Nicholas Kristoff’s latest New York Times column was sad and moving. It was a tribute to Marina Keegan, an honors student and recent graduate of Yale University who turned her back on a lucrative Wall Street career—and eloquently urged other college graduates to do the same. In an essay that was viewed a million times online, she bemoaned the squandering of young talent for the mindless accumulation of wealth. Days after her graduation, she died in a car crash. Her boyfriend, the driver, fell asleep at the wheel.
Such losses are always tragic, and far too common, but that’s not what got my attention. I was stopped by this sentence: “After the crash, Marina’s parents immediately forgave and comforted her boyfriend, who faced criminal charges in her death.” Really, wow. I am a parent, and I cannot imagine a worse nightmare than losing one of my children. I honestly don’t know if I would be capable of such graciousness. Would I be able, in such awful circumstances, to overcome all my negative emotion and haunting thoughts, even vengeful impulses, and be magnanimous of spirit?
Psychological scientists have been puzzling over these questions as well. Forgiving and forgetting are tightly entwined in human culture, but it’s only in the past decade or so that researchers have begun to systematically disentangle the two. Why is it that some of us find it easier to forgive and forget than others? Does forgiving help us to put aside disturbing thoughts—to forget—or does forgetting empower us to forgive? Or both?
A team of psychological scientists at the University of St. Andrews, Scotland, have been exploring these intertwined ideas. Saima Noreen suspected that the link between forgiving and forgetting might be the mind’s executive control system, specifically the ability to keep upsetting memories out of consciousness. Here’s how she and colleagues, Malcolm MacLeod and Raynette Bierman tested this connection in the laboratory.
They recruited volunteers and measured their general tendency to forgive others’ transgressions. But they didn’t just take their word for it. They also created various scenarios depicting hypothetical wrongdoings—slander, infidelity, theft, and so forth. In some cases, the transgressor was a friend, other times a partner or parent or colleague. The scenarios always had consequences—and there was always an attempt at making amends. So for example, a scenario might go like this: Your professor doesn’t believe you when you say you didn’t plagiarize your work. You are expelled from the university, but later your professor realizes you were telling the truth and tries to get you reinstated. The volunteers reacted to each of these hypothetical scenarios in various ways: How serious was the offense? How hurtful? How sympathetic were you toward the transgressor? And finally—yes or no?—do you forgive or not?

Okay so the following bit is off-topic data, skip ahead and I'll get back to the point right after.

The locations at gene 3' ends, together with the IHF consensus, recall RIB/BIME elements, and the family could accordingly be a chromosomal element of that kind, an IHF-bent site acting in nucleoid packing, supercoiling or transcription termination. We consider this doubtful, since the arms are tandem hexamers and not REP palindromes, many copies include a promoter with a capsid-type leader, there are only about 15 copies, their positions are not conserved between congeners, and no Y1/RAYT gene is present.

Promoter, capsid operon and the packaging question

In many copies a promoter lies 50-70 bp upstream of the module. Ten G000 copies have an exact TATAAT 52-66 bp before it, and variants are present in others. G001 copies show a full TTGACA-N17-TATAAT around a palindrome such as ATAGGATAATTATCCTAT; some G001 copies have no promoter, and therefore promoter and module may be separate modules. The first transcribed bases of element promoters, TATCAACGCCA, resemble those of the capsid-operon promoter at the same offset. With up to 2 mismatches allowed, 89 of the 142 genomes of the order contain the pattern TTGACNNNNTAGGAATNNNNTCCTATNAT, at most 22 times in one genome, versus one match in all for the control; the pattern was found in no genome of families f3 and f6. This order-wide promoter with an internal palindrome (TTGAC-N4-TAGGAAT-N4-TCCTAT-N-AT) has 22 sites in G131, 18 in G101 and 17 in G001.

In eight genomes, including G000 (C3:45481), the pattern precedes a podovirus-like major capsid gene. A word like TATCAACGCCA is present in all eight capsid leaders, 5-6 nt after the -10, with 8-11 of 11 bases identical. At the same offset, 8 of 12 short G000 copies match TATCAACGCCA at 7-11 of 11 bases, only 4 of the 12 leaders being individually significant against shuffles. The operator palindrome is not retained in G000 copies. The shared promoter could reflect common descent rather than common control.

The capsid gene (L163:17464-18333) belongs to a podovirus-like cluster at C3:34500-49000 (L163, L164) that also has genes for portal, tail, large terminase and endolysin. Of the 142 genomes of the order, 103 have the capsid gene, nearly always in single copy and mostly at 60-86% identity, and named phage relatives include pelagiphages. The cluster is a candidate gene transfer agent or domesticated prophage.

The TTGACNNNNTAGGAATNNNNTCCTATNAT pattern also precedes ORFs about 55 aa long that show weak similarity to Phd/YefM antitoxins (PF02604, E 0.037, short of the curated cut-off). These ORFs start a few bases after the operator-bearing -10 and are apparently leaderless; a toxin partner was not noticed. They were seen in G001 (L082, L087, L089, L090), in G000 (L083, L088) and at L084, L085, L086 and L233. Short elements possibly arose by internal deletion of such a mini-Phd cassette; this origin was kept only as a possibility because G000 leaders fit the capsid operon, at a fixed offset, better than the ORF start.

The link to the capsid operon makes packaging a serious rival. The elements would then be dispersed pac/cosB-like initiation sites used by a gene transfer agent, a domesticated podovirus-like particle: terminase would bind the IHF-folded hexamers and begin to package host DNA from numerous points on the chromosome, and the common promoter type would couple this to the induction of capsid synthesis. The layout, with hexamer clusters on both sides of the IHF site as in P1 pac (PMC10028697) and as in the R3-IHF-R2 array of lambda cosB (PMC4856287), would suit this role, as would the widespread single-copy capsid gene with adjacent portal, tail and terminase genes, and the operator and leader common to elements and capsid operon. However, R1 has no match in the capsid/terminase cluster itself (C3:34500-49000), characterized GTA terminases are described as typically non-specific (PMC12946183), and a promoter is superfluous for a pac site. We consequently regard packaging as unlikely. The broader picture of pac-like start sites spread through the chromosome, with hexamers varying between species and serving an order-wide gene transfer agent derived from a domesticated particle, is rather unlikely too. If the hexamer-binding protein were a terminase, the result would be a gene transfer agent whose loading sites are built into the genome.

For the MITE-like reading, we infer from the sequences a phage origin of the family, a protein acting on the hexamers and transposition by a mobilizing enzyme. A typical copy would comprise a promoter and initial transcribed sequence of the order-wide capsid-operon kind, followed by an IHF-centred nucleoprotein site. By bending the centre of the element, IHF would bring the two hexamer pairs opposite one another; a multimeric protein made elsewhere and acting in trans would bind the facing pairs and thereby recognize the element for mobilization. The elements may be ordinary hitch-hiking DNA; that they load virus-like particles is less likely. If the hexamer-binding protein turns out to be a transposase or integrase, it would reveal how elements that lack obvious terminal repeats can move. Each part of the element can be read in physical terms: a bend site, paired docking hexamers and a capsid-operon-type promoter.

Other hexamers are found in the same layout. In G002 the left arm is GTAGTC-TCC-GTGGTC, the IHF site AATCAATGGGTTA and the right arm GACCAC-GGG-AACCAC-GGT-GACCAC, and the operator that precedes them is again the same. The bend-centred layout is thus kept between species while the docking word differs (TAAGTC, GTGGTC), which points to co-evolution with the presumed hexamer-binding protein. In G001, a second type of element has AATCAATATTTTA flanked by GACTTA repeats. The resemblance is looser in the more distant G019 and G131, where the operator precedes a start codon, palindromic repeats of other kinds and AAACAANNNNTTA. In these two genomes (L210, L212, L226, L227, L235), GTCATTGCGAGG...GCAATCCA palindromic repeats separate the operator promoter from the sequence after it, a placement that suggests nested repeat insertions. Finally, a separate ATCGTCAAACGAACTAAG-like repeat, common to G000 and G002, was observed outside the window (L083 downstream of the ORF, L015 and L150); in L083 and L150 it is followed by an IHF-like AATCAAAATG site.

Afterward, the volunteers all took part in a memory test, in which they actively tried to forget words associated with the incident. In some cases they had forgiven the transgressor involved in the incident, and in other cases not. The idea was to see if the act of forgiving increased the victims’ ability to put the misfortunes out of awareness.
And it did, clearly. When victims had forgiven their transgressor, they were much better at suppressing—intentionally forgetting—words linked to the transgressions. But when the victims had not found it in themselves to forgive, they were much less successful at suppressing the unwanted memories. What’s more, the ability to forget unpleasantness is linked to actual acts of forgiving, not just a propensity to be gracious. The scientists report their findings in an article to appear in the journal Psychological Science.
Marina Keegan’s parents may be a rarity. Not everyone has it in their heart to forgive so readily. But it’s possible, the scientists conclude, that forgiving and forgetting reinforce one another in the human mind. Even if forgiveness is effortful at first, people who manage it may be better at setting bitter thoughts aside, and this forgetting may in turn provide an effective coping strategy, enabling people to move on—and ultimately to forgive in their hearts.
Follow Wray Herbert’s reporting on psychological science in The Huffington Post and on Twitter at @wrayherbert.
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